There is a large, unidentifiable animal carcass floating downstream towards me. I watch it as I walk along the flimsy-feeling metal pedestrian bridge that crosses the river in this slum outside of Nairobi. The carcass is being carried along in liquid that doesn’t even look like water. The only place I’ve ever seen water that looks like this is in the various slums of Nairobi. It’s black. It’s gray. It’s inky and oily looking. It’s not translucent. And it’s not just mud.
Welcome to Mathare.
It’s the second largest slum in Kenya, with about 600,000 people crammed in an area only .2 by 1.2 miles in area, depending on who you ask and where you define the borders. It’s crowded. Crowded with people, with electrical wires, with tin shanties and rusted roofs, with clothes hanging from laundry lines, with garbage, and with sewage.
There’s so much trash and filth. Everywhere. Depending on how the wind blows in the slum, the pungent stench is overpowering. At least if you breathe through your mouth you don’t have to smell it. Snaking insidiously through the slum, open trenches with sewage running through them and trickling along the streets assure me there’s no way I’m walking into Mathare Valley without human and animal feces and all manner of filth coming out with me, at least on my feet, if not more.
From the bridge I can see a “still” or “brewery” of sorts on one side of the riverbank where they make an “illicit brew” that I hear people refer to countless times. It seems to be the culprit of many problems in the slum.
But there is exactly where I want to be right now. Because amidst all of this, I’m told that Mathare is actually getting better. Bright Hope and its church partner, Mathare Community Outreach, are working here, persevering day in and day out, to make a difference, one life at a time. That’s grown and grown, and now, also crowded in this slum and another nearby one, are about 1,200 children receiving an education and two meals a day at our partner schools…parents in micro-savings groups that are enabling them to pay school fees and build homes…and young adults who have received scholarships and whose lives—and therefore their children’s lives and their grandchildren’s lives—are now on a different trajectory, full of vision.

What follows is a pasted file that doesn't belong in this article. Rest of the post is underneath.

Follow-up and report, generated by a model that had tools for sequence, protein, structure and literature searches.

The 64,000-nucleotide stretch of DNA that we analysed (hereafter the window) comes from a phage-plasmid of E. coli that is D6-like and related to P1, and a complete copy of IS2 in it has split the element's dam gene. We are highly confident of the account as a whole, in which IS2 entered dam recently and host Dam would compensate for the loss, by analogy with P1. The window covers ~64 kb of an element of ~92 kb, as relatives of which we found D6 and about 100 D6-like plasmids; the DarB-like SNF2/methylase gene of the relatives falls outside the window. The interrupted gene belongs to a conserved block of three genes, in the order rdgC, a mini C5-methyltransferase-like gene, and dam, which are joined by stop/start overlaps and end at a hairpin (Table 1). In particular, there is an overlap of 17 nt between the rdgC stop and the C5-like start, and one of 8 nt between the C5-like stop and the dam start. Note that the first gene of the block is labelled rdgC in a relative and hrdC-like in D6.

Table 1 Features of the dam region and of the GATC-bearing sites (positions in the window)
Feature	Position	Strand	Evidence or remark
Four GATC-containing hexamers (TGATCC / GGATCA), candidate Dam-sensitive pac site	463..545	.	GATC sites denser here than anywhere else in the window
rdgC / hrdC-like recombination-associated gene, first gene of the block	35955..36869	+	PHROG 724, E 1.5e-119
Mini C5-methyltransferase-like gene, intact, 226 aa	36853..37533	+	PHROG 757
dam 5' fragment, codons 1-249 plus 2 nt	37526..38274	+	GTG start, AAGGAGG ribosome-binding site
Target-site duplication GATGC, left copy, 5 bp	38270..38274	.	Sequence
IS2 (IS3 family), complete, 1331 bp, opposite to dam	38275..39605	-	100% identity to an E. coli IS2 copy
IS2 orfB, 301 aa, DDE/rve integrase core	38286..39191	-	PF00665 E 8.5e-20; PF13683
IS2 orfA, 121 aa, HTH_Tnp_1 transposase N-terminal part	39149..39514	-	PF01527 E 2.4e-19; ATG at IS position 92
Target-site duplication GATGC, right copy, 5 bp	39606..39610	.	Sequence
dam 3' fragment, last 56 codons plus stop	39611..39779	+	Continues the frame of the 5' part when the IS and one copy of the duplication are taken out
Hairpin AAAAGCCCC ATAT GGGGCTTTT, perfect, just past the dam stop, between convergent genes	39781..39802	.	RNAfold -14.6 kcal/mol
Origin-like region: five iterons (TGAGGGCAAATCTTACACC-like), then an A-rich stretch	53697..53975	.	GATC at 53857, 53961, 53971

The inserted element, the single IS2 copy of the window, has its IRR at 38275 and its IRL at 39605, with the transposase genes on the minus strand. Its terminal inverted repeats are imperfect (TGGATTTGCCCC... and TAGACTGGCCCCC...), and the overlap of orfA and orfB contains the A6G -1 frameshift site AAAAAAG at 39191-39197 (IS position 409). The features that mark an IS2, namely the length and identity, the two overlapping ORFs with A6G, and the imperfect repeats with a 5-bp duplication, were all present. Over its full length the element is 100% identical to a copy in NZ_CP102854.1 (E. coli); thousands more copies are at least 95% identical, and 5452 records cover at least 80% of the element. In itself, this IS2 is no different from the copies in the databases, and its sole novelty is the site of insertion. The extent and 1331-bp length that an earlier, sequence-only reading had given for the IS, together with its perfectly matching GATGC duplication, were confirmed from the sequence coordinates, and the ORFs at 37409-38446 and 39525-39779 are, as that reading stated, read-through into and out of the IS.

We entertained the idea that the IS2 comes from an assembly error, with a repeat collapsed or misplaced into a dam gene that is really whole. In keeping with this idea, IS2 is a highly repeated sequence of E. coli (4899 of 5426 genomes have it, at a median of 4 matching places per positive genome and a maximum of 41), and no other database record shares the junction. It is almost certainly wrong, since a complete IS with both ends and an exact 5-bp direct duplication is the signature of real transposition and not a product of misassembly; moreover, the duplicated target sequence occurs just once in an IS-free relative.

This is progress. Changing one life at a time, which changes one family at a time, starts to have a ripple effect for generations—and in the community. As much as we’d like to snap our fingers and overhaul the infrastructure for half a million people living in this kind of poverty, we just don’t have what it would take to do that. So, while we hope and pray for major change to come, we press on doing all that we can to help “the one.”
But while I look for the beauty in the middle of the hard and the ugly, I need you to understand, to the best of my ability, just how hard and ugly it can be. Why? Because Mathare Valley is a main character in every story we tell you from this place.
I can tell you that 13-year-old Pamela wants to be a biomedical engineer when she grows up, and that’s great, but her dreams and her fortitude will mean oh so much more when you know that she lives in a small, dark home in the slum with no running water or plumbing. They have to go fetch and carry back every single drop of water they use in their home.
Pamela’s mother died when she was a baby, and she and her four siblings have been raised by their aunt. Pamela struggles with a chronic illness, does much of the cooking for the family…and plays basketball. I walked with her from her home to her school, and I watched her go to her desk—it’s so crowded and they’re so tightly packed in the classroom that the only way she can get to her seat is to crawl over the desk behind hers, step onto the seat, and scoot herself down into it.*
Now, if you had all those physical and emotional hurdles to overcome, and those were the conditions you had to go to school in, would you still dream of becoming a biomedical engineer?
I don’t think I would’ve.
And that’s why it’s so important to me that you understand the antagonist—sometimes hidden, sometimes not so hidden—in these stories of courage and hope.
Welcome to the valley. And hats off to girls like you, Pamela.
*There’s much more of Pamela’s story to share with you, which we’ll do at a later time.